Rafe walked with slow steps, gazing around like a foreign sightseer. He felt . . . well, not happy, but far more at peace than he had for ages.
The University district was displayed to nostalgic perfection. High haze, waning moon, and a slight touch of fog turned the night pearly grey with diffused light, and every building from the Great Hall to Felman’s Bookshop was coyly mysterious with new shadows and strange illumination. Pale gold beams spread from the hearts of streetlamps to pool on cobblestones, their cones of light possessing the blurred geometric beauty of an artist’s angelic visitation. Pale golden halos surrounded the various windows of steam-filled cookshops, dilapidated student digs, weathered but respectable masters’ lodgings, and the always busy, always noisy taverns.
I’m not even drunk yet and I’m maudlin for my old University days.
Here the seed of the idea of his school had been planted, and now he was returning in search of partners and colleagues to nurture that idea to full growth and reality. He loved the University in all its messy, complicated, political, mercenary glory—and he wanted others to love it too. Most of all, he wanted it to be better. Genius could be found anywhere, not only among the ambitious youth of the Middle City, but among the lawless denizens of Riverside, the lazy Hill nobility . . . even country rustics counting cows proved to have their surprises. He looked fondly to his left, where Micah walked beside him, dressed like a boy in her student robe once more. He had begged Micah to come with him, but in truth she hadn’t needed much persuasion. The University was not ready for her, but his school was, and those who would not join for Rafe might join for Micah and her peculiar brand of genius.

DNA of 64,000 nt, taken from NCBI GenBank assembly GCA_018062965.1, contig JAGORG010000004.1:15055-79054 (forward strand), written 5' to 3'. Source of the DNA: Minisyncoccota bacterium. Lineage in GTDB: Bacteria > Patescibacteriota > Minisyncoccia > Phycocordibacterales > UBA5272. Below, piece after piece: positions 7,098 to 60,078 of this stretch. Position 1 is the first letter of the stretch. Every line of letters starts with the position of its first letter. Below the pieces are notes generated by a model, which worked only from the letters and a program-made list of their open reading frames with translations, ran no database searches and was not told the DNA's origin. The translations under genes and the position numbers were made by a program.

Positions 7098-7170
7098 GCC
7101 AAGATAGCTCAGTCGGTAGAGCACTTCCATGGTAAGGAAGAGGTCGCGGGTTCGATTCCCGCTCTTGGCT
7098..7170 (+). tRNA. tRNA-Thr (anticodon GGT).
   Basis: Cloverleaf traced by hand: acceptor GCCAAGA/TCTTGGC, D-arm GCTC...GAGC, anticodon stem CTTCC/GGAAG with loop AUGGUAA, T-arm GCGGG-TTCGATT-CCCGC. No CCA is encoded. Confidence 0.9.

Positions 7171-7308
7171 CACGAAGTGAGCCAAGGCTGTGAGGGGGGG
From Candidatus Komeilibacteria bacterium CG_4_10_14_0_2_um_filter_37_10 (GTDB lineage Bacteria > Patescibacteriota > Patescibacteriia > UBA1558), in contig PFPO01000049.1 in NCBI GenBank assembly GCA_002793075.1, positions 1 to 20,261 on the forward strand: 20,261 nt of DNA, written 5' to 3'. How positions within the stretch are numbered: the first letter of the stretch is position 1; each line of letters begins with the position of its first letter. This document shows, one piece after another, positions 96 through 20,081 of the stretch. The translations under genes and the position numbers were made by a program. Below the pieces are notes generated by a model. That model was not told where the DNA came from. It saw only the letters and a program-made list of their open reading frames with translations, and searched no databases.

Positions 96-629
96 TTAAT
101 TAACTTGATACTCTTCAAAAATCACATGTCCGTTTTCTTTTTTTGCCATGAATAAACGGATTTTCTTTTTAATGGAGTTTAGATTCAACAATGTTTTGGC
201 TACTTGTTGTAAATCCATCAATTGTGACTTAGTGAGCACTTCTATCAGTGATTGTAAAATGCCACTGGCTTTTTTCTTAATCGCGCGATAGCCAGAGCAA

On his right, Florian sighed an exaggerated sigh of ennui. He had no particular attachment to the University environs, and for a moment Rafe regretted bringing him along. He had said he wanted to know more about Rafe’s school, but that had probably been flirting rather than genuine interest, and Rafe had enough experience that he should have known the difference. No matter. If Florian was patient, Rafe would make it up to him in one of the alleyways afterwards. Rafe had good memories of some of those alleyways.
“Ah! Here we are!” Rafe stood before the entry of the Ink Pot, arms outstretched as if to embrace the entire tavern. “Home sweet home, am I right, Micah?”
Micah pushed past him and went in, no doubt eager to get into the warmth. “No, Rafe. You never lived here and I never lived here, so why are you calling it home?”
Rafe followed her with enthusiasm undimmed. “Quite right, Micah. I should say ‘second home, sweet second home.’ Look, there are Larry, Thaddeus, and Tim at cards. There’s Matthew—”
“There’s Joshua,” Micah interrupted. “I shall buy him a drink and tell him congratulations.” And she abruptly left Rafe’s side without even asking whether he wanted something to drink.
“Is Micah annoyed with you?” Florian asked, interested at last. “Maybe he thought it would just be the two of you attending this reunion?”
Rafe shook his head even as he felt a twinge of doubt. “Micah doesn’t fuss about things like that.”
Florian glanced at the table where Joshua and Matthew were looking over Thaddeus’s shoulder and laughing at his hand while he swore at them and tried to hide his cards. His eyes widened, flicked back to Micah, and he smiled very slightly. “Why don’t I go get us some beer, since Micah and his friend are taken care of?”
Rafe frowned. Something was . . . off, but before he could dwell on it his friends had seen him and were calling him over in loud welcome. Tim, Larry, and Thaddeus paused in their game to greet him warmly, Matthew and Joshua located an extra table to add to their growing group, and just as they were getting settled again, Micah returned, followed by a server bearing a tray with a bottle of actually good wine, and the cacophony of greetings began all over...